“I was so scared when I heard the bomb – it gave me goose bumps.”
That was what one witness to Thursday’s terror attacks in the Indonesian capital told Japan’s NHK World, following a gun and bomb assault by Islamic State militants that killed seven and wounded 20 people. But while Indonesian President Joko Widodo said his nation would not be defeated by these “acts of terror,” the impact of the attacks could extend well beyond Jakarta.
Indonesia was already being described by ANZ Research as “ASEAN’s most challenged economy,” well before the latest attacks in the world’s most populous Muslim nation and Southeast Asia’s biggest economy.Enjoying this article? Click here to subscribe for full access. Just $5 a month.
“Unlike the rest of Asia, where domestic sectors appear relatively well insulated to the [region’s] trade recession, public and private spending both appear to be floundering in Indonesia as we enter 2016,” ANZ chief economist, South Asia, ASEAN and Pacific, Glenn Maguire said in a January 8 report.
“Although [fourth-quarter] GDP figures – to be released in February – are likely to show a marginal improvement in growth, we expect that economic growth will continue to decelerate markedly through the first half of 2016. Indeed, given Indonesia’s strong correlation to the Chinese slowdown – via commodity price disinflation – the trough in Indonesian economic growth is likely to be stuck in either [quarter one] or [quarter two] 2016 around the 4.5 percent level.”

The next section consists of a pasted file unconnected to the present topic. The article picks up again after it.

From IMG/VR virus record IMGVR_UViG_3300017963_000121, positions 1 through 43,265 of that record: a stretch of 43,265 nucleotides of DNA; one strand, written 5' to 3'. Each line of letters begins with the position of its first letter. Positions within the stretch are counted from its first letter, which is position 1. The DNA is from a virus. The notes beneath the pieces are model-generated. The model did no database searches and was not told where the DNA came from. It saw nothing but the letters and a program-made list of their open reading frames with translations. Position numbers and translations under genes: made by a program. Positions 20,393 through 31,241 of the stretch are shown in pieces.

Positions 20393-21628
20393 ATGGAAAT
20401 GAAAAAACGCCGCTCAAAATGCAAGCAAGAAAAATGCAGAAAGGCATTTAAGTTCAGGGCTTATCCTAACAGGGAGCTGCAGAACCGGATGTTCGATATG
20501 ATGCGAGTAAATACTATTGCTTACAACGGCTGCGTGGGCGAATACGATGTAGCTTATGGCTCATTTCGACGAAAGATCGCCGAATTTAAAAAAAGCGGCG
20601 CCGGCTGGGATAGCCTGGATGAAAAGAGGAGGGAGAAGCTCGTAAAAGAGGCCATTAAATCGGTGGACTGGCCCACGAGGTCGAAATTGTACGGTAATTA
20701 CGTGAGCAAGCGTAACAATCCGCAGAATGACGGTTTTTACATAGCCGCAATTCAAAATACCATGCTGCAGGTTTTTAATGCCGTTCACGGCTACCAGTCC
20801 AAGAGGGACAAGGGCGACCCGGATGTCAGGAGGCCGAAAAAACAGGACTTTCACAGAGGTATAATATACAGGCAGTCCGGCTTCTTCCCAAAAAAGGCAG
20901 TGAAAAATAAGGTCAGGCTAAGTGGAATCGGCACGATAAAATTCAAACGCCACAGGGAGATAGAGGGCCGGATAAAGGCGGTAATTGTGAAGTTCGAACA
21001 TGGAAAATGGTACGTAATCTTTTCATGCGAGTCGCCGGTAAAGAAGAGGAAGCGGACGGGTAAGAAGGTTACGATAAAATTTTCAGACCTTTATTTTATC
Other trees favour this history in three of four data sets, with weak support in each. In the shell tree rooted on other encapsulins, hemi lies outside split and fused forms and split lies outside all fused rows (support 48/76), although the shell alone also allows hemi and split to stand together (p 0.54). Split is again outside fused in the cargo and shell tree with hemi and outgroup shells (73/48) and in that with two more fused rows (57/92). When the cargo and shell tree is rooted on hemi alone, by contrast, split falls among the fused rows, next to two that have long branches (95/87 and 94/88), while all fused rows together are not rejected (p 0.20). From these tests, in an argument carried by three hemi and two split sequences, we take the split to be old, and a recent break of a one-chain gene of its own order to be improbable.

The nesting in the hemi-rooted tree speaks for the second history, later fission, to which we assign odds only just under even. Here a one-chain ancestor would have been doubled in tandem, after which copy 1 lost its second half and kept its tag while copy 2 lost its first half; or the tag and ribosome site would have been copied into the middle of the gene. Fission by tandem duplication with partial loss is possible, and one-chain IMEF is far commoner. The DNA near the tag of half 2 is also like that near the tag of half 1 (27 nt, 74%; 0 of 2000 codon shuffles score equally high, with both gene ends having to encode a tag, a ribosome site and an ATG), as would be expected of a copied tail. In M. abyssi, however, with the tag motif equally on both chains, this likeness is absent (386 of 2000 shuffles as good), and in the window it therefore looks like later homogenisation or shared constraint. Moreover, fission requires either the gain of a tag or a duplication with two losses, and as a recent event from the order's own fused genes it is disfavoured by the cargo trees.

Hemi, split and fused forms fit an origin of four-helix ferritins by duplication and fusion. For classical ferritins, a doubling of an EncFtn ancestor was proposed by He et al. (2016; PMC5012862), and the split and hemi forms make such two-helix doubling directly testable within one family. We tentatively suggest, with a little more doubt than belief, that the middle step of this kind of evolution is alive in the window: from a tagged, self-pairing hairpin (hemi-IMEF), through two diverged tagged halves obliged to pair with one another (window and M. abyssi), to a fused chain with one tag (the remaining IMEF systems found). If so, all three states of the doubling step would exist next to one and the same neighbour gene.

Maguire said the decline was particularly disappointing for an economy with an estimated potential GDP growth rate of around 5.5 percent. Despite a promising start in curbing fuel subsidies and reallocating spending to public works, Jokowi’s reforms have failed to make an impact, he argued.
“None of the six stimulus packages have addressed the root cause of Indonesia’s economic malaise – the lack of private and public investment. There is a lack of medium-term visibility on the economic outlook which will likely see private investment hampered. Difficulties with passing bills through parliament, such as land acquisition, continue to make public investment and spending marginal, rather than the centerpiece of Jokowi’s economic agenda,” Maguire said.